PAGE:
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Fla. Protesters Upset With Verdict Staying Put

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George Zimmerman has been found not guilty. Zimmerman was charged with second-degree murder in the 2012 shooting death of Trayvon Martin. (Photo by Joe Burbank-Pool/Getty Images)

George Zimmerman has been found not guilty. Zimmerman was charged with second-degree murder in the 2012 shooting death of Trayvon Martin. (Photo by Joe Burbank-Pool/Getty Images)

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TALLAHASSEE, Fla. (AP) — Protesters angered by the acquittal of George Zimmerman remained firmly in place at the Florida Capitol for a fourth straight day and repeated that they have no plans to leave, choosing to stay locked in for the weekend.

They continue to vow they would not leave until Gov. Rick Scott calls a special session to have legislators repeal the state’s “stand your ground” law.

Protest leaders met Thursday with Scott, but the governor told them he supported the law and would not call a special session.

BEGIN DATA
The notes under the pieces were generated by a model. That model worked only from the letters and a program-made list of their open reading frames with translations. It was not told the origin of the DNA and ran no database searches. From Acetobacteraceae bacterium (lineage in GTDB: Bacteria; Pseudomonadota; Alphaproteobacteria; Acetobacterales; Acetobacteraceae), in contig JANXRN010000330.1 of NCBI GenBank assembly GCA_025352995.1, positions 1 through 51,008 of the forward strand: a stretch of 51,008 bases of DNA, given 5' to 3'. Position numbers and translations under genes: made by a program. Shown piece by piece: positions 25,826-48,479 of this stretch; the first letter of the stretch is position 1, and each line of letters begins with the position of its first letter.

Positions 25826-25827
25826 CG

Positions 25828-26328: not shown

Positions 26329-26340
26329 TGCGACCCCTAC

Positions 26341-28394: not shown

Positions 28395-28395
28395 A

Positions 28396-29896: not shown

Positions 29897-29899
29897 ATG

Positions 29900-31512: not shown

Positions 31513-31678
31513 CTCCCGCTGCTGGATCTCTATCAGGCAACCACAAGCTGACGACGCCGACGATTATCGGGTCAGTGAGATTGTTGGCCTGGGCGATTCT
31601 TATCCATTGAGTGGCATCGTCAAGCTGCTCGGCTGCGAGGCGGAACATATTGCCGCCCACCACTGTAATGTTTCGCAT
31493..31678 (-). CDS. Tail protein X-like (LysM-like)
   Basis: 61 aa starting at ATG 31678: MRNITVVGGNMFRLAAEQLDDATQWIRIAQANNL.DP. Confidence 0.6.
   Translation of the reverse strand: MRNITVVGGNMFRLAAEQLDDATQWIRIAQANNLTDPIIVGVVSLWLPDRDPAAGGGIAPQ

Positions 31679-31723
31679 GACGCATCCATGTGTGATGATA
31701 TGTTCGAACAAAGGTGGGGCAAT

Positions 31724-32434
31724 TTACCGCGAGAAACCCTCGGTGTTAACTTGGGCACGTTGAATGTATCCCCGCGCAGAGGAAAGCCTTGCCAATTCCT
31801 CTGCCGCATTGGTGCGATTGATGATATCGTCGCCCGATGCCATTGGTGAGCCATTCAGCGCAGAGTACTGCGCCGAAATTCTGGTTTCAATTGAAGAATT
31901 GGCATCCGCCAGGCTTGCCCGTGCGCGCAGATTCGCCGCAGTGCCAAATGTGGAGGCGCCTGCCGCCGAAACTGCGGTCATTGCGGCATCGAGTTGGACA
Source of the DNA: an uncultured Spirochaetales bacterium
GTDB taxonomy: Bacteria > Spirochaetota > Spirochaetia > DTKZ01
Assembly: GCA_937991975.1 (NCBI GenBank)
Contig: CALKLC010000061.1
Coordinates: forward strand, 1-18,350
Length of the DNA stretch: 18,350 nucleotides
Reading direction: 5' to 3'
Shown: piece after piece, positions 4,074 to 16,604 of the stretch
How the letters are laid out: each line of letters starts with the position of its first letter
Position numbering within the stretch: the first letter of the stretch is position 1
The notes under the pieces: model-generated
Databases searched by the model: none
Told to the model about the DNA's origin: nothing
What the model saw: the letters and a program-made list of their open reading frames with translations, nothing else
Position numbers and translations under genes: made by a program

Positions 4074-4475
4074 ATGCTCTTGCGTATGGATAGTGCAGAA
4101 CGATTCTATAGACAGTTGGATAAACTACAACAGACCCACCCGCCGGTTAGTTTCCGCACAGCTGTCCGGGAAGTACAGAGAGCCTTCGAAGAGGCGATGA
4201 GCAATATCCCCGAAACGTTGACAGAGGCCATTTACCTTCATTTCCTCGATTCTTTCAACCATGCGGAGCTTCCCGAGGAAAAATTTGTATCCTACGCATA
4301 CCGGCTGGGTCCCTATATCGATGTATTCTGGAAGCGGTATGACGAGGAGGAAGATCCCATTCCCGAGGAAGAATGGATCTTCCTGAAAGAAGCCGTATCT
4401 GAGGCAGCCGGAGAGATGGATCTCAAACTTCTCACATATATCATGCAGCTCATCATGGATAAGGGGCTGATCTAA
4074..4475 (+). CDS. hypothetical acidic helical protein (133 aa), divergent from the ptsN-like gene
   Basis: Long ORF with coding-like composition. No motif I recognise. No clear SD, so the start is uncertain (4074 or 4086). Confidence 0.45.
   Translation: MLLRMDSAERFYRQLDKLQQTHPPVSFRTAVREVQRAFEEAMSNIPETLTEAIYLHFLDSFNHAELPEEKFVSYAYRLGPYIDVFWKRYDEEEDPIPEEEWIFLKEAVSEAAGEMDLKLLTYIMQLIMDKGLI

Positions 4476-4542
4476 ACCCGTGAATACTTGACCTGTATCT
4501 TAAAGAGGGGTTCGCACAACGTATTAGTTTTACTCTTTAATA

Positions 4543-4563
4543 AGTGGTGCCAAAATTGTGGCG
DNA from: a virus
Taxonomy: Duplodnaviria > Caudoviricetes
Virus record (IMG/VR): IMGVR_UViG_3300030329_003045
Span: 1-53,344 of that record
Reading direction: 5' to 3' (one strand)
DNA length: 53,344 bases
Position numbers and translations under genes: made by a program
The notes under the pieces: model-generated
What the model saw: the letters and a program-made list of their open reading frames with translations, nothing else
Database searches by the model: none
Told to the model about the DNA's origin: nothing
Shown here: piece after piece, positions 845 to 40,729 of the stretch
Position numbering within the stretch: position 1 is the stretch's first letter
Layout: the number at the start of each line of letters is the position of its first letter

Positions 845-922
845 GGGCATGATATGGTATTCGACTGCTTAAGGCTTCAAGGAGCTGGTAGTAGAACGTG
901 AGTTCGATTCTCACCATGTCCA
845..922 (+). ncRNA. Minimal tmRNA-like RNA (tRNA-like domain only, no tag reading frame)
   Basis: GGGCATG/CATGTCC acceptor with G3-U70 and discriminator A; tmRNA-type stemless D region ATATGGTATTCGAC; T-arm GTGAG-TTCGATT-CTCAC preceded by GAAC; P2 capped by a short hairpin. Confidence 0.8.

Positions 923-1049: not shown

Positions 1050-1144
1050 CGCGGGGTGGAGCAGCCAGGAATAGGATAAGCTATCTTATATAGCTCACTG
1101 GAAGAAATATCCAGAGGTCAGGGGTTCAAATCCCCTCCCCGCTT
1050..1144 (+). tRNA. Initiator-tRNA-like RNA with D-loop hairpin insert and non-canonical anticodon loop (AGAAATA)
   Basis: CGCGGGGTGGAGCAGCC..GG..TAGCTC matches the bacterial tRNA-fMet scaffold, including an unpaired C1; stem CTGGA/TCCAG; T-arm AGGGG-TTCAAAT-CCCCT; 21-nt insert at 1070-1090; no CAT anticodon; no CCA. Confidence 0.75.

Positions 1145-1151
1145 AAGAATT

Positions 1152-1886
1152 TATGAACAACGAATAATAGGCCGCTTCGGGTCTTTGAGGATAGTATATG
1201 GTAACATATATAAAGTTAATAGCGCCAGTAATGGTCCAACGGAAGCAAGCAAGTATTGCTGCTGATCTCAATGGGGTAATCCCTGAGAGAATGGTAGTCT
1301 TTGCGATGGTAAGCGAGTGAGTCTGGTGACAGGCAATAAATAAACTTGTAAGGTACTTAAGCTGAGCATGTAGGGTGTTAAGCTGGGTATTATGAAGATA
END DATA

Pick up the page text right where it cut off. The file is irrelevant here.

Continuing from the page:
Phillip Agnew, executive director of Dream Defenders, the main group behind the protest, described the standoff as “when an immovable object meets a seemingly unmovable object.”

He asserted that his group was offering Scott a “solution” by asking him to back legislation that would remove the law that allows someone to use deadly force if they believe their life is in danger. Agnew’s group also wants legislation to dissuade the use of racial profiling by police or other groups.

“We are not here to retry George Zimmerman,” Agnew said during an afternoon rally. “What we are here to do is to express our anger, our angst, our disappointment at the governor, at this state, for what happened under his watch.”

Zimmerman was acquitted of second-degree murder and manslaughter charges in the shooting death of 17-year-old Travyon Martin who was unarmed. His attorneys argued that he shot Martin in self-defense, but the case sparked an outcry because Martin was black and Zimmerman identifies himself as Hispanic.

The standoff could go on for some time. The Republican-controlled Legislature is unlikely to reconsider the law it first passed in 2005. Bills to change “stand your ground” went nowhere during the 2013 session.

When the doors to the Capitol were locked on Friday roughly 85 people gathered in the rotunda. The group brought in board games, pillows, blankets and food in anticipation of being there for the entire weekend.

A spokeswoman for the Florida Department of Law Enforcement said the agency had decided to allow the protesters to remain in the Capitol.

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